HHS Lays Out Multifaceted Plan to Combat Opioid Abuse

Focus Will Be on Prescriber Education, Naloxone Use and Medication-assisted Treatment

April 08, 2015 08:46 am Chris Crawford

When correctly used, opioid analgesics such as hydrocodone, oxycodone, codeine, morphine and methadone can be effective options to treat acute and chronic pain. But during the past decade, this class of drugs has increasingly been implicated in drug overdose deaths.

[Young male laying on bed with arm next to bottle of spilled pills]

Given this trend, HHS Secretary Sylvia Burwell announced a targeted initiative(aspe.hhs.gov) on March 26 that aims to reduce prescription opioid- and heroin-related overdose, death and dependence.

The president's FY 2016 budget request includes $133 million in new funding to address this critical issue, according to an HHS news release.(www.hhs.gov)

The HHS effort focuses on three priority areas:

  1. Providing training and educational resources, including updated prescriber guidelines, to assist health professionals in making informed prescribing decisions.
  2. Increasing use of naloxone, as well as continuing to support the development and distribution of the drug, to help reduce the number of deaths associated with prescription opioid and heroin overdose.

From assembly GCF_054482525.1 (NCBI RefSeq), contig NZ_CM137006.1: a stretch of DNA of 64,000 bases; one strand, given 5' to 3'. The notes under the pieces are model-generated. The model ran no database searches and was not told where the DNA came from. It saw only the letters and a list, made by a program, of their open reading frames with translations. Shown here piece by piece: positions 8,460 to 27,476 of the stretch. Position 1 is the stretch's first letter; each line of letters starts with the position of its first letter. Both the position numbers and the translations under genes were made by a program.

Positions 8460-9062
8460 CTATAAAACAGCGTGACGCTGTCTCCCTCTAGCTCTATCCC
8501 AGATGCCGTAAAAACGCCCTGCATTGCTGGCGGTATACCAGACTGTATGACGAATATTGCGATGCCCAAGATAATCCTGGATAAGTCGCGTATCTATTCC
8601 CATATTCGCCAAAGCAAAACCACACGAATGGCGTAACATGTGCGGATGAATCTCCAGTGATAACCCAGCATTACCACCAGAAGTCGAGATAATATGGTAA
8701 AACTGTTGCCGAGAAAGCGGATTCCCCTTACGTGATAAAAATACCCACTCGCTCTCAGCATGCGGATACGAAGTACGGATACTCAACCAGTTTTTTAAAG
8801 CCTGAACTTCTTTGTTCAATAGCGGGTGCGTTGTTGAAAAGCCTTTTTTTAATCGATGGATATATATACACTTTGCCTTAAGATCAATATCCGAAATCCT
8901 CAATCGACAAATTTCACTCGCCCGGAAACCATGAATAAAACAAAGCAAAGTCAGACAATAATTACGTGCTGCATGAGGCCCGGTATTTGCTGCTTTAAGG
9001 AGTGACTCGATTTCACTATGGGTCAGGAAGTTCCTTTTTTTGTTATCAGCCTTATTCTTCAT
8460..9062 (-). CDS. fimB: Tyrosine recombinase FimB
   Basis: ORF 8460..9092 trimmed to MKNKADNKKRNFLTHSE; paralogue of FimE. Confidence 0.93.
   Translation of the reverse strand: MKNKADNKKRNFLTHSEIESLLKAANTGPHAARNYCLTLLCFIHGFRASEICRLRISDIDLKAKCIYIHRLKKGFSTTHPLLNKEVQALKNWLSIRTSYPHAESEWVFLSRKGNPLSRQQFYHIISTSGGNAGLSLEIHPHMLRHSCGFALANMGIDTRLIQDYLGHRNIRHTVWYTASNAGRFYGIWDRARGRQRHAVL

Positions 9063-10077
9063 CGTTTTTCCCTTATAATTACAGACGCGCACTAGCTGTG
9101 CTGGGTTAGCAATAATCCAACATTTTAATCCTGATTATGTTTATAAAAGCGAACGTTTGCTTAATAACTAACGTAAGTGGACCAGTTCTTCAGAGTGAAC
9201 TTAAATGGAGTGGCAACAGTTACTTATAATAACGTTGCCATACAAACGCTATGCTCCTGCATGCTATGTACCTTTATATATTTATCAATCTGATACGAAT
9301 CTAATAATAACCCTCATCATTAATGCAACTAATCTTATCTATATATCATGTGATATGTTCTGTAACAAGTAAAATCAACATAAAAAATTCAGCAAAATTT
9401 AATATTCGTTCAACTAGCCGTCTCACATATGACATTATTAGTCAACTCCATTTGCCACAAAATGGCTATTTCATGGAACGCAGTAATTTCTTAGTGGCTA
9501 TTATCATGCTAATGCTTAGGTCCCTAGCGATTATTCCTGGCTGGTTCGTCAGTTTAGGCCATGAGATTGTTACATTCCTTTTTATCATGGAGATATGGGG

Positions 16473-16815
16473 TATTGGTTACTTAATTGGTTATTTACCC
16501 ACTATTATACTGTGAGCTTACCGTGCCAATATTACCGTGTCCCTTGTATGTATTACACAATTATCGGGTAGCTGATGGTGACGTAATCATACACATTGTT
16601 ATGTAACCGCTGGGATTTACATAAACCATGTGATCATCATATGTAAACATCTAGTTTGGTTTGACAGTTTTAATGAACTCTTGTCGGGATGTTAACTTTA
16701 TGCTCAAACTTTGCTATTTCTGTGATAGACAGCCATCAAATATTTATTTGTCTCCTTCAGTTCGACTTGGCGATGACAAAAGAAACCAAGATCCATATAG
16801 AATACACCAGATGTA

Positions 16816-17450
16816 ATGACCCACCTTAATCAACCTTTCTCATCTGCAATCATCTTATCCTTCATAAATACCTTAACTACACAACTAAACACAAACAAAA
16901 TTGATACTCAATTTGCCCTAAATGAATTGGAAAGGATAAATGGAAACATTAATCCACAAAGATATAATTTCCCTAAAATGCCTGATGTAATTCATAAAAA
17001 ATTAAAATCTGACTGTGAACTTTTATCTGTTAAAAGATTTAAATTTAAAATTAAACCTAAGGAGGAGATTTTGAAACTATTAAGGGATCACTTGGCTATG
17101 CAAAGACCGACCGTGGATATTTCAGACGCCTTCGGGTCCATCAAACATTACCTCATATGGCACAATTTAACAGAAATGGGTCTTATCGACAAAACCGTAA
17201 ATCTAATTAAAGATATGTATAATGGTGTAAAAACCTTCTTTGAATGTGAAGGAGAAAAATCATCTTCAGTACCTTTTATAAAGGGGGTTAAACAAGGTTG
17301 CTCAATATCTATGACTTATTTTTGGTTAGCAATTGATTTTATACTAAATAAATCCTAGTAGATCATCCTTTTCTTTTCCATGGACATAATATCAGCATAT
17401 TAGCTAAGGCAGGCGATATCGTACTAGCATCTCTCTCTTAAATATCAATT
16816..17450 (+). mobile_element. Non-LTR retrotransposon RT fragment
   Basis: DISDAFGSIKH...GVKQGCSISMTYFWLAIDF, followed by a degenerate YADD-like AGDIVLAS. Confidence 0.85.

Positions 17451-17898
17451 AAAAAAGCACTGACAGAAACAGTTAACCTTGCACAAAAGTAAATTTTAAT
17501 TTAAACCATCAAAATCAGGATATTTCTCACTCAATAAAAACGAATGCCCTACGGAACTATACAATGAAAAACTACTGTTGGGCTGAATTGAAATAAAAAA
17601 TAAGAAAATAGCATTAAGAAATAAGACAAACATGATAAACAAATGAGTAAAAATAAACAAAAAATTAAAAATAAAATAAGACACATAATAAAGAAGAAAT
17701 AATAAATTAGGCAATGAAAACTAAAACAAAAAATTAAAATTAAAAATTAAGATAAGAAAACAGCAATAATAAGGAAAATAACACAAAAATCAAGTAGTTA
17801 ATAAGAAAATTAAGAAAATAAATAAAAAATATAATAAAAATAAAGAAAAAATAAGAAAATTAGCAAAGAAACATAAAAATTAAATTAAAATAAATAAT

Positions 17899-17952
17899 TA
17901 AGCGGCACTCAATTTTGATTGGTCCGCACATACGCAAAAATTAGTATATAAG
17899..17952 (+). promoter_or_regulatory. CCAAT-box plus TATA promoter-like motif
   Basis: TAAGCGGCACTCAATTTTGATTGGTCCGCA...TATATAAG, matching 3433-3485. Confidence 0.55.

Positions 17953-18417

3. Expanding the use of medication-assisted treatment (MAT), which combines the use of medication with counseling and behavioral therapies to treat substance use disorders.
Story highlights
  • HHS Secretary Sylvia Burwell announced a targeted initiative on March 26 that aims to reduce prescription opioid- and heroin-related overdose, death and dependence.
  • The effort focuses on three priority areas: providing training/educational resources to assist in prescribing decisions, increasing use of naloxone and expanding the use of medication-assisted treatment.
  • On March 6, the CDC launched the Prescription Drug Overdose Prevention for States program to provide state health departments with resources to enhance their prescription drug monitoring programs.

"Opioid drug abuse is a devastating epidemic facing our nation," Burwell said in the news release. "I have seen firsthand in my home state of West Virginia, a state struggling with this very real crisis, the impact of opioid addiction. That's why I'm taking a targeted approach to tackling this issue focused on prevention, treatment and intervention.

"I also know we can't do this alone. We need all stakeholders to come together to fight the opioid epidemic."

FP Expert Explains Plan's Priority Areas

The three priority areas build on current HHS strategies to address the opioid epidemic and expand on the initiatives that have the greatest potential for impact, according to the release.